A Hero of Ancient Britain 2



Our men met the Roman attack with missiles. Many of the Roman soldiers died, but still they pressed forwards. They approached the walls we had set up and then formed their famous testudo. They raised their shields over their heads and those men on the outside held theirs to the side, thus making an impenetrable shield. They advanced in this manner, and our spears and arrows could not penetrate.

They had done their work well, and when they reached our walls, they tore them down. We could do nothing against their testudos. Our missiles just bounced off.

The Romans kept on advancing. They dismantled our walls and soon they were amongst our men. Our men fought bravely, but the Romans had armour and we had none. It was a massacre.

Caradoc’s wife and daughter fell into the Romans’ hands, and his brother surrendered. Caradocs himself managed to escape. He fled to the lands of the Brigantes, hoping to get aid from Cartimandua.

That queen had betrayed her people to the Romans, though. She thought more of herself and her power than her people. When Caradoc arrived in Brigantia, the queen put him in chains and took him to Eberacum where she surrendered him to the Romans.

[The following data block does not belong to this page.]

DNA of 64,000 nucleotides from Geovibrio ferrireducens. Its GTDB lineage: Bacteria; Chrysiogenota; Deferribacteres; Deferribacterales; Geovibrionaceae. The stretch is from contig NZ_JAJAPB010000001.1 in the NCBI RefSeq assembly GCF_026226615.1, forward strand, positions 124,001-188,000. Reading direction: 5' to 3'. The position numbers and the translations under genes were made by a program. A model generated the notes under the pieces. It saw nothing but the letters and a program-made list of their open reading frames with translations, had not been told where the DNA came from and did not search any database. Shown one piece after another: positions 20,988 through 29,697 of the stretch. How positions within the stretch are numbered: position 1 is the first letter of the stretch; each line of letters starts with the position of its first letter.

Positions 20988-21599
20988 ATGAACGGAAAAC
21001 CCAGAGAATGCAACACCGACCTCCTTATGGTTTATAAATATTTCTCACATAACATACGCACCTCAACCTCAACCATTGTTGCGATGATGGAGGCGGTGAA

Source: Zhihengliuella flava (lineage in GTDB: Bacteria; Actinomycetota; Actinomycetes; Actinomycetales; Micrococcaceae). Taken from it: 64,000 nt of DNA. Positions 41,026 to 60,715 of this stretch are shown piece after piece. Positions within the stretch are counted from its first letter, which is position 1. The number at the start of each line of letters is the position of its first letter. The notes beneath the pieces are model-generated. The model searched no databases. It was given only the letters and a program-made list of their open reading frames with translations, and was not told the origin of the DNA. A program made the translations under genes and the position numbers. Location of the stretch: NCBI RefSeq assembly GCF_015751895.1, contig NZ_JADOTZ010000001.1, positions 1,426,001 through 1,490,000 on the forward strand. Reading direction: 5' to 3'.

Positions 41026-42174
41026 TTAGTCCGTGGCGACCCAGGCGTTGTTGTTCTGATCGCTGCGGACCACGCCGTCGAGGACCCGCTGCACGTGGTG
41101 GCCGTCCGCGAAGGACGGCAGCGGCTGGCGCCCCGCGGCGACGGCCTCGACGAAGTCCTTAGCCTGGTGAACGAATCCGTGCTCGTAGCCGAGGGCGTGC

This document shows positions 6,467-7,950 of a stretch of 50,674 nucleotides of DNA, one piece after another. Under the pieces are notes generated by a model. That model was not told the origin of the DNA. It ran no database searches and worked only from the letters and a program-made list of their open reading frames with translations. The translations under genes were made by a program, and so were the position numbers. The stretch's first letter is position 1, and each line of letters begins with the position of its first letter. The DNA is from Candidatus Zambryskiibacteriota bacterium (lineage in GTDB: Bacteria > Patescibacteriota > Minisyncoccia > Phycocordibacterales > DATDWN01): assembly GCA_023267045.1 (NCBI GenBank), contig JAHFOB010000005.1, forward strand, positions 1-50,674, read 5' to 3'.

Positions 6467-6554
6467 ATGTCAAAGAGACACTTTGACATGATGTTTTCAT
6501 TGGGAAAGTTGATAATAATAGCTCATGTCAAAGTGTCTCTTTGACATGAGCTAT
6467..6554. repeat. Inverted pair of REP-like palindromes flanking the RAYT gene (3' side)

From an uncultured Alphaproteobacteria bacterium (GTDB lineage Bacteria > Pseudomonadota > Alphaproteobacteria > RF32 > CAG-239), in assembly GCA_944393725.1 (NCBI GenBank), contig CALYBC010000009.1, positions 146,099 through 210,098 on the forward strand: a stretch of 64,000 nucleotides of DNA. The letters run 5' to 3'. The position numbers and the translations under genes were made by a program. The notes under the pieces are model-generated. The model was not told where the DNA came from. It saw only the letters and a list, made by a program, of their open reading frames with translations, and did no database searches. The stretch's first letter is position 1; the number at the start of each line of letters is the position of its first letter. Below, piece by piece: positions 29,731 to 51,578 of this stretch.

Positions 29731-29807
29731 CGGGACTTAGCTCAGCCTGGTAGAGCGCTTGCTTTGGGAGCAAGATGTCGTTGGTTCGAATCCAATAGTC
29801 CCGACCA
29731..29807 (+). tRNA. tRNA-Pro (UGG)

Caradoc was a famous hero. Even the Romans admired him, to some extent, at least. He had, after all, held out against them for nine years. not a small feat. Because of his fame, the commander in Eberacum sent him to Rome.

Caradoc’s fame had reached even in Rome. Emperor Claudius arranged a great spectacle. He summoned the Praetorian Guard to draw up under arms outside their camp. Then he displayed the royal vassals, ornaments, neck chains and other spoils of war.

Next, Caradoc’s brother, and his wife and daughter were displayed, and finally, Caradoc himself.
When brought before the Emperor, he said, “Had my moderation in prosperity been equal to my noble birth and fortune, I should have entered this city as your friend rather than as your captive; and you would not have disdained to receive, under a treaty of peace, a king descended from illustrious ancestors and ruling many nations. My present lot is as glorious to you as it is degrading to myself. I had men and horses, arms and wealth. What wonder if I parted with them reluctantly? If you Romans choose to lord it over the world, does it follow that the world is to accept slavery? Were I to have been at once delivered up as a prisoner, neither my fall nor your triumph would have become famous. My punishment would be followed by oblivion, whereas, if you save my life, I shall be an everlasting memorial of your clemency.”

This speech impressed Claudius and he granted Caradoc his wife, daughter and brother a pardon. They were all freed from their bonds.

Caractacus died in Rome, a free man.


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